Context and Applications
This topic is significant in the following professional exams for graduate and postgraduate courses:
- Bachelors in Electrical Engineering
- Bachelors in Electronics and Telecommunication
- Masters in Electrical Engineering
- Masters in Electronics and Telecommunication
1. What is the full form of IGBT?
- Insulated gate bipolar transistor
- Induced gate bipolar transistor
- Induction gate bipolar transistor
Correct option- a
Explanation: IGBT stands for an insulated-gate bipolar transistor.
2. IGBT consists of how many layers?
- 2 layers
- 3 layers
- 4 layers
- 5 layers
Correct option- c
Explanation: IGBT consists of four layers. They are P-N-P-N which is controlled by a metal oxide semiconductor gate (MOS gate) structure.
3. In the power transistor market, the IGBT accounts for how much share?
Correct option- c
Explanation: In the power transistor market, the IGBT accounts for 27% which is second to the power MOSFET which accounts for 53%, and ahead of RF amplifier which accounts for 11%, and bipolar junction transistor which accounts only for 9%.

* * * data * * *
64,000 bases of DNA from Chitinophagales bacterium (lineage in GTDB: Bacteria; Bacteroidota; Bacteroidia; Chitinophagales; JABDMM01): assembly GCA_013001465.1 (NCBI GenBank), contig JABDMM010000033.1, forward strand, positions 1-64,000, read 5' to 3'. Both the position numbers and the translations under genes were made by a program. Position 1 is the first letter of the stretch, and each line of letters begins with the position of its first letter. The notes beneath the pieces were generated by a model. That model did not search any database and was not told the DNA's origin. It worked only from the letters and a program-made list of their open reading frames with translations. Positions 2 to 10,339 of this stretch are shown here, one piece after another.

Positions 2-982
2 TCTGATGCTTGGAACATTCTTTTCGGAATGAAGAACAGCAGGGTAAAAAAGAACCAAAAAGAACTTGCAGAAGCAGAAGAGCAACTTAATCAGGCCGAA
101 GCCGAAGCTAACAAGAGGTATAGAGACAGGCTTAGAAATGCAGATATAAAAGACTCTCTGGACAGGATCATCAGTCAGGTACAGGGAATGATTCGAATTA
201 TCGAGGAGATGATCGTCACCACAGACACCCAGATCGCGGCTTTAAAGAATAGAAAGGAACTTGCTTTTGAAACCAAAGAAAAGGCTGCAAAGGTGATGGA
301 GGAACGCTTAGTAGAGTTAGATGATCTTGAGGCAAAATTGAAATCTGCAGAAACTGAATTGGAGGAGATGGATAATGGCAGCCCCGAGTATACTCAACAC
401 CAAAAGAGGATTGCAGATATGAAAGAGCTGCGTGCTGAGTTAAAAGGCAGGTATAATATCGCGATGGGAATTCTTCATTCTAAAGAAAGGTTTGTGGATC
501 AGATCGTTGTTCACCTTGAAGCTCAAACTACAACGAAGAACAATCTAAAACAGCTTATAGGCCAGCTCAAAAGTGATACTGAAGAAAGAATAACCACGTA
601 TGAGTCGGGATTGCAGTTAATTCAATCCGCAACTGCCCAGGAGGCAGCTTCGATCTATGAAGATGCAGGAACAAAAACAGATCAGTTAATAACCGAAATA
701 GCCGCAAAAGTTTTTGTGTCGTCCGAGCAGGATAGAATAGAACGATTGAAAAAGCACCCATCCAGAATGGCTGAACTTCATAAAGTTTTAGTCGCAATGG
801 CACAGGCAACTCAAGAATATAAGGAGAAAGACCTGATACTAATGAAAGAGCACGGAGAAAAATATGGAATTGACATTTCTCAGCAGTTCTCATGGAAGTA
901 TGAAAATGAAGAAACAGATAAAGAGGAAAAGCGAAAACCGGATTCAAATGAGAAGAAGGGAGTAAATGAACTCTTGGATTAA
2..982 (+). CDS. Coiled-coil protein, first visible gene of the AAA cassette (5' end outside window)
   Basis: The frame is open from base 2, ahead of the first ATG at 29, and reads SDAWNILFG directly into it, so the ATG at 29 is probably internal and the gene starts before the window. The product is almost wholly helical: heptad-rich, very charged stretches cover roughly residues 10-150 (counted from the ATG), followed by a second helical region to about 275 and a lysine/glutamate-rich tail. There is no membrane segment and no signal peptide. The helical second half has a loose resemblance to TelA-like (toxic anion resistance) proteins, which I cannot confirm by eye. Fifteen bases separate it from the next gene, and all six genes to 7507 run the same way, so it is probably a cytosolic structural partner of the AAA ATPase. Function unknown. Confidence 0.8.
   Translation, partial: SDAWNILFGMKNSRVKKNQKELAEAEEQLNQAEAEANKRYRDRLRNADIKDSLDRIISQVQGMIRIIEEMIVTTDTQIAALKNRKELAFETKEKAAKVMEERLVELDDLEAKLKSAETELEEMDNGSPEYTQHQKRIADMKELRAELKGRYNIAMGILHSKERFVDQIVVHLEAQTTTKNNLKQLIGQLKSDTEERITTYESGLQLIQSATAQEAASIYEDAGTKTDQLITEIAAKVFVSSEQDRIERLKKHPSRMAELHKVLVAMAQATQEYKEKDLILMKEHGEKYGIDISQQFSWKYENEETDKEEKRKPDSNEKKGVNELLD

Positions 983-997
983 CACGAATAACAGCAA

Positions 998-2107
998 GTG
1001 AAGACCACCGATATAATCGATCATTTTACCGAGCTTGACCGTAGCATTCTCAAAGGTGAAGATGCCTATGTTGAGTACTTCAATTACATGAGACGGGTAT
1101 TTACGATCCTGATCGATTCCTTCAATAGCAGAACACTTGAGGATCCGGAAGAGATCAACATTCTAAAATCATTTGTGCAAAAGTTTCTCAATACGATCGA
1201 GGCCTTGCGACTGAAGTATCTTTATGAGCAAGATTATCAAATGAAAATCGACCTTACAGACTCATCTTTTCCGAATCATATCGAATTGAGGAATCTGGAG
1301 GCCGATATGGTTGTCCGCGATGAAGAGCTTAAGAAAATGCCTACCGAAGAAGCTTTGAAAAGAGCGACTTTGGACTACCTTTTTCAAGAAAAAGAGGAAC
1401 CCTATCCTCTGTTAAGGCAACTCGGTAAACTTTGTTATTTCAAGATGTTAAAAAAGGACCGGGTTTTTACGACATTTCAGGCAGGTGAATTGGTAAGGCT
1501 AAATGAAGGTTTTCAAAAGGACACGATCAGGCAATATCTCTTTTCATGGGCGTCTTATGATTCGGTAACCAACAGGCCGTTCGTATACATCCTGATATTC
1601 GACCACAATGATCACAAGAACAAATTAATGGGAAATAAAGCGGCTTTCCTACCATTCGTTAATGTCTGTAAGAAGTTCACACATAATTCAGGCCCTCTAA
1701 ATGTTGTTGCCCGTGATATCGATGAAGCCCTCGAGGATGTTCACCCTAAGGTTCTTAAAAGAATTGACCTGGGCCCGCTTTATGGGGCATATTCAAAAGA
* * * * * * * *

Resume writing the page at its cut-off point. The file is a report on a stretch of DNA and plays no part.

4. What is the switching frequency speed in IGBT?
- Very high
Correct option- a
Explanation: For IGBTs high-voltage, high-current and low switching frequencies are favorable, and for MOSFETs, low-voltage, medium-current, and high switching frequencies are favorable.
5. Which of the following can be used to model the IGBT circuits?
Correct option- a
Explanation: By using various circuit simulating computer programs such as Saber, Spice, and other programs the circuits with IGBTs can be developed and modeled.
- Bipolar junction transistor
- Power semiconductor devices.
Want more help with your electrical engineering homework?
*Response times may vary by subject and question complexity. Median response time is 34 minutes for paid subscribers and may be longer for promotional offers.
IGBT Homework Questions from Fellow Students
Browse our recently answered IGBT homework questions.